Senate Committee Passes Transportation Bill

WASHINGTON, June 24 – A Senate panel today advanced a six-year, $278 billion transportation funding bill that includes more than $1.3 billion for Vermont to maintain its road and bridges.

“It is no secret that our infrastructure is crumbling,” said Sen. Bernie Sanders (I-Vt.), who helped draft the bill as a member of the transportation subcommittee. “One of every nine bridges in our country is structurally deficient and nearly a quarter are functionally obsolete.  Almost one-third of our roads are in poor or mediocre condition.” 

Sanders staved off proposals which could have resulted in steep cuts to Vermont’s funding.  “My priority was to make sure Vermont continues to receive the federal resources it needs to improve our roads and bridges.  I am very pleased this bill does just that.” 

The bill would provide at least $1.33 billion in federal highway aid from 2016 through 2021 to repair our roads and bridges, an increase of seven percent.

The bill also includes several provisions authored by Sanders that would benefit Vermont, including: changes to make Vermont competitive for funding through a new program to support projects of regional or national significance; significant regulatory flexibility for rural roads; and lowering the cost of borrowing federal funds for rural projects.  Another Sanders provision would start the process of creating a national network of recharging stations for electric vehicles.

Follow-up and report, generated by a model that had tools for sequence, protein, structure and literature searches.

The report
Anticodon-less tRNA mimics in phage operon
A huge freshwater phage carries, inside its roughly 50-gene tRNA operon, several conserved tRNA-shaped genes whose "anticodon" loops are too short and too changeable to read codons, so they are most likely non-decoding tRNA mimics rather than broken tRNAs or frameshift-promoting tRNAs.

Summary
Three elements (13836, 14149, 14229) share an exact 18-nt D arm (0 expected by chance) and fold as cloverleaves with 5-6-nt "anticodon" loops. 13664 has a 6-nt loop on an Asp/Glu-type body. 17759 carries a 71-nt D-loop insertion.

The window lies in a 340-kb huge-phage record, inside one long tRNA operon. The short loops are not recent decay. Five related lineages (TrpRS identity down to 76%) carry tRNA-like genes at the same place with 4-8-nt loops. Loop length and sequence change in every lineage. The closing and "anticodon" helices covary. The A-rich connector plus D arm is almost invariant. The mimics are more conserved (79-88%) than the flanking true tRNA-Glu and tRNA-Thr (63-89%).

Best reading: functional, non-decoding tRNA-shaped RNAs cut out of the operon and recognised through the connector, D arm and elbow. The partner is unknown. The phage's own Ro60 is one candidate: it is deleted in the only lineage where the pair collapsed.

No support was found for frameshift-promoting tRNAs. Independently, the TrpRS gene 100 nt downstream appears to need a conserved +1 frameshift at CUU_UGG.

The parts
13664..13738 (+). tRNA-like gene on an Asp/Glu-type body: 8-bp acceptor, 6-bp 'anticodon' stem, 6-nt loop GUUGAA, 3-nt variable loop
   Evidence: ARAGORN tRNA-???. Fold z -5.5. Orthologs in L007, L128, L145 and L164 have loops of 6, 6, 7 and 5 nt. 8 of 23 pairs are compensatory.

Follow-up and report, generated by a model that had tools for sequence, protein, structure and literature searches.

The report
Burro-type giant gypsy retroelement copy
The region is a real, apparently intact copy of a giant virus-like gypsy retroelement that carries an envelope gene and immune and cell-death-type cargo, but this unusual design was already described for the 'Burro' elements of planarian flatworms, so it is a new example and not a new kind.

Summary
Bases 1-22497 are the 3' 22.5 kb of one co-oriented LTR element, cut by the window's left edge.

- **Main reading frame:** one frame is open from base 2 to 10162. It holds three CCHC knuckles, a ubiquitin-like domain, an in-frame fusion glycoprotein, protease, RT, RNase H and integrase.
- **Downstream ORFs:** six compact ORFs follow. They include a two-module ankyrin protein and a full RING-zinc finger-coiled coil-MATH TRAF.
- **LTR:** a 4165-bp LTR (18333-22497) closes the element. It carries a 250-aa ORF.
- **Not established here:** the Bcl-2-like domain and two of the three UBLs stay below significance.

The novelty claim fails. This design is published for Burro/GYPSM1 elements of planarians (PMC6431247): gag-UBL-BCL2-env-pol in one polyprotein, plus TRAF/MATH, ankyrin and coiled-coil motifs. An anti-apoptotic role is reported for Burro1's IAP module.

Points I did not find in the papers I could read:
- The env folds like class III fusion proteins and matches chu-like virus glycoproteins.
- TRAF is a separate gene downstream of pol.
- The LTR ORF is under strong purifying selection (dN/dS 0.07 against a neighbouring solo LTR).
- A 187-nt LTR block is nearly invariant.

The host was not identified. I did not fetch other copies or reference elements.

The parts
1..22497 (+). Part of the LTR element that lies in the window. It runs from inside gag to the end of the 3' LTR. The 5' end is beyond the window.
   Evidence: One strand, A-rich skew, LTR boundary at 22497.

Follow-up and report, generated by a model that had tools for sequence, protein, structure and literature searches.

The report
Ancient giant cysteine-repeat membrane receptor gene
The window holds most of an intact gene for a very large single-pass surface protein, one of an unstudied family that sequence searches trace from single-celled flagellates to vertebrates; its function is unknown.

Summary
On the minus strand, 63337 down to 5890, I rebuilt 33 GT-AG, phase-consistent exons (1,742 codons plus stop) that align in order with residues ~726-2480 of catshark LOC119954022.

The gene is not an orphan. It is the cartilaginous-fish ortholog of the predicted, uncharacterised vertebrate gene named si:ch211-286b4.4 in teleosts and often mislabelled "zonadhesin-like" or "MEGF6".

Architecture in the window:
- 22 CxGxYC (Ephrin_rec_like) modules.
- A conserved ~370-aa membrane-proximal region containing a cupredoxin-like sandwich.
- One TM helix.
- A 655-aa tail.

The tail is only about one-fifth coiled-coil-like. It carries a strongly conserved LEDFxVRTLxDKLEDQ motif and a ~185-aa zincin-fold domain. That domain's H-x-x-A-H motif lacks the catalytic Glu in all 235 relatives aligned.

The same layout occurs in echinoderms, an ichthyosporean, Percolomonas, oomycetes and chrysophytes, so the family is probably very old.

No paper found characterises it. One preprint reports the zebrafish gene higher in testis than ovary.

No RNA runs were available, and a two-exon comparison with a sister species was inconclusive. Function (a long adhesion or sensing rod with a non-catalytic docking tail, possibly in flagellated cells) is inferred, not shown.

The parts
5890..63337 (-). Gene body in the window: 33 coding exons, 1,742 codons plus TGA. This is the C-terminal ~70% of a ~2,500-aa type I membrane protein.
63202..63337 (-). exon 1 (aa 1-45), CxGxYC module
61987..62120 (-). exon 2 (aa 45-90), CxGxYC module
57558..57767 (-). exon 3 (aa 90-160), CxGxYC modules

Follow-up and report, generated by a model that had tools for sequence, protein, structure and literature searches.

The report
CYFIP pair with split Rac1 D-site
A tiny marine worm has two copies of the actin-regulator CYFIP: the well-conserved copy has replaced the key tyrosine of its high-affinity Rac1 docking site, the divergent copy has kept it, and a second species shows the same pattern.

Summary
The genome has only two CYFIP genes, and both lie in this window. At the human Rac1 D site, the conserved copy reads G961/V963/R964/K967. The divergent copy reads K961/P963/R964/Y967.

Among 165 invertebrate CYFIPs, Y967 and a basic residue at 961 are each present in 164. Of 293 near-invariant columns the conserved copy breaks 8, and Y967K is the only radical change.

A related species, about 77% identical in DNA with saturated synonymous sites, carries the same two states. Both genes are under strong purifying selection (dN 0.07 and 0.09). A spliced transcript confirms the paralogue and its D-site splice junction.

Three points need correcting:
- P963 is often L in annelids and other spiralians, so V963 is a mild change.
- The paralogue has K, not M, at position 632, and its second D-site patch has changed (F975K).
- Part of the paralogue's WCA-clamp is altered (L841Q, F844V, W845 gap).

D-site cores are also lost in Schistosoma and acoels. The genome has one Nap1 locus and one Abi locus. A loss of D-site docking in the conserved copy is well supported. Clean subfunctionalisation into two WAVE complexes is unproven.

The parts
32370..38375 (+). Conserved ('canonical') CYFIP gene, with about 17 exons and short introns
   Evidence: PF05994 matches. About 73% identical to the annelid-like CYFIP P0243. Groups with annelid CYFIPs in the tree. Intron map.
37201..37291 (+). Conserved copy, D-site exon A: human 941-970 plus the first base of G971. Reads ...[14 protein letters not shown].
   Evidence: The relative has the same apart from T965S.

The U.S. spends just 1.7 percent of its gross domestic product on infrastructure, less than at any point in the last two decades.  Meanwhile, Europe spends close to twice our rate, and China spends close to four times our rate.  “We must invest much more in infrastructure to keep America competitive in this global economy,” Sanders said.

The ranking member of the Senate Budget Committee, Sanders noted that the spending blueprint pushed through the Republican-controlled Congress called for a 23 percent cut to transportation funding this year, and a 40 percent cut over 10 years. The measure that cleared a major hurdle in the public works committee instead modestly increases funding for our crumbling roads and bridges.

“While this bill is a step forward, I would prefer to go much further,” Sanders said. He cited studies by the American Society of Civil Engineers that say we must double the current rate of spending in order to get our roads, bridges and transit to a state of good repair over the next ten years.

“Moreover, at a time when real unemployment is near 11 percent, we need jobs and we need them now,” said Sanders. “We can fix our roads and bridges and put Americans back to work at the same time.”